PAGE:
Nintendo Switch Review: Super Mario Party

Can Mario make his parties Super once again?

I have always enjoyed Mario Party games, even during the tough times for the series like *cough* Mario Party 10 *cough* which had some fun mini-games, but the competitive nature from the originals was absent with the mechanic that had you and your opponents all travelling together across the boards. It seems that the team have learnt their lesson this time and have given us classic board games, but is it a case of being careful what you wish for?

The roster of Super Mario Party has increased dramatically from past games, this time even letting you play as Bowser and Bowser Jr, which means the demise of Bowser Spaces, but Kamek makes up for these will similar blocks that will make you scream at the Switch. The boards are a bit smaller than we’re used to and the price of Stars is only 10 coins, which makes it more a race to the spot as opposed to those who earned enough in mini-games, which is my only real complaint with the boards themselves. I would have liked to see more than a handful though, but would really welcome some DLC here.

Mini-games are a collection of button-mashing, puzzles, memory games and races. Some of which require motion controls from your Joycon controllers, I have to mention at this point that Super Mario Party requires you to play with the Joycons only, so the Pro controller is a no-go. The good news is that the motion controls work really well and if you lose, you can usually only blame yourself. The only aspect of the motion control that I despise is River Survival that requires you to use the Joycon to paddle a boat down a stream. The mini-games you come across are good fun, but paddling for a long period is not.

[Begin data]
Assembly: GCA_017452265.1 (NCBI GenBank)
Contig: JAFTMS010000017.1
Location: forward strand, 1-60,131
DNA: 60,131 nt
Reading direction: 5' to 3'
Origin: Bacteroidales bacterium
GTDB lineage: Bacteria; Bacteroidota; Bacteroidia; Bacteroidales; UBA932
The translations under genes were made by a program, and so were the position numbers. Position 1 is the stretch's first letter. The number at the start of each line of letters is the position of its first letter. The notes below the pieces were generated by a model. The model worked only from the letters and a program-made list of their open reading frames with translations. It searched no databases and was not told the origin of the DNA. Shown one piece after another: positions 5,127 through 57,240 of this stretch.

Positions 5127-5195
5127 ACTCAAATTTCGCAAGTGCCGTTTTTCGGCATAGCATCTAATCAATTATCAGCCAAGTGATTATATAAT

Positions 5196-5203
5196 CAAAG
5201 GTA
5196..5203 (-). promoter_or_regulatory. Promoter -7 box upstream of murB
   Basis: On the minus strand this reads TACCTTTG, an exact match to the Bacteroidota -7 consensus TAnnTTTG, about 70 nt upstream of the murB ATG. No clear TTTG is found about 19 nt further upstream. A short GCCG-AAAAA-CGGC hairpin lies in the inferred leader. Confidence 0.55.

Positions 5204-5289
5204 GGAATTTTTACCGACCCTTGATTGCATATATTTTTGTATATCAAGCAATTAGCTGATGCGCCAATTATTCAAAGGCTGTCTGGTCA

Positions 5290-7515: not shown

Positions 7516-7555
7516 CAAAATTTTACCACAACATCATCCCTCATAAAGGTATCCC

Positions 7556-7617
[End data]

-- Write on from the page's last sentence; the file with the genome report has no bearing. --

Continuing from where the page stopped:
Besides typical Mario Party and River Survival are other modes like Partner Party that lets you team up with one player in a 2v2 scenario that is harder than it seems, but good fun nonetheless. Sound Stage is a motion-control series of mini-games where you need to keep in time to the beat…and considering I have no rhythm of any kind, it wasn’t my favourite. Toad’s Rec Room does things differently with mini-games that make use of more than one Switch screen, but I was unable to test this due to the lack of a second Switch and second copy of the game, but it sounds fun.

Challenge Road becomes available after all mini-games have been unlocked and is a single-player battle to the finish by playing each mini-game with specific requirements to beat, including higher difficulty opponents or other ways of actually winning. Finally we have Mario-thon, which is more of a mini-game tournament that you can set up against friends and AI, but there’s also an online mode of this which naturally requires the new Nintendo Online service to play. It’s great fun, although playing the board games online would have also been neat.

Visually, Super Mario Party makes good use of the Switch’s power and at times, looks amazing. There’s never any drops in framerate and the load times are small, while the soundtrack and voices are typical of Mario.

The Verdict

Finally we have a Mario Party game worthy of the name as Super Mario Party goes back to its roots, but also takes a few risks that have mixed results. Still, its such a huge improvement over the mess of Mario Party 10 that I can overlook them and say that this is a must for any Switch owner.

Score: 9.0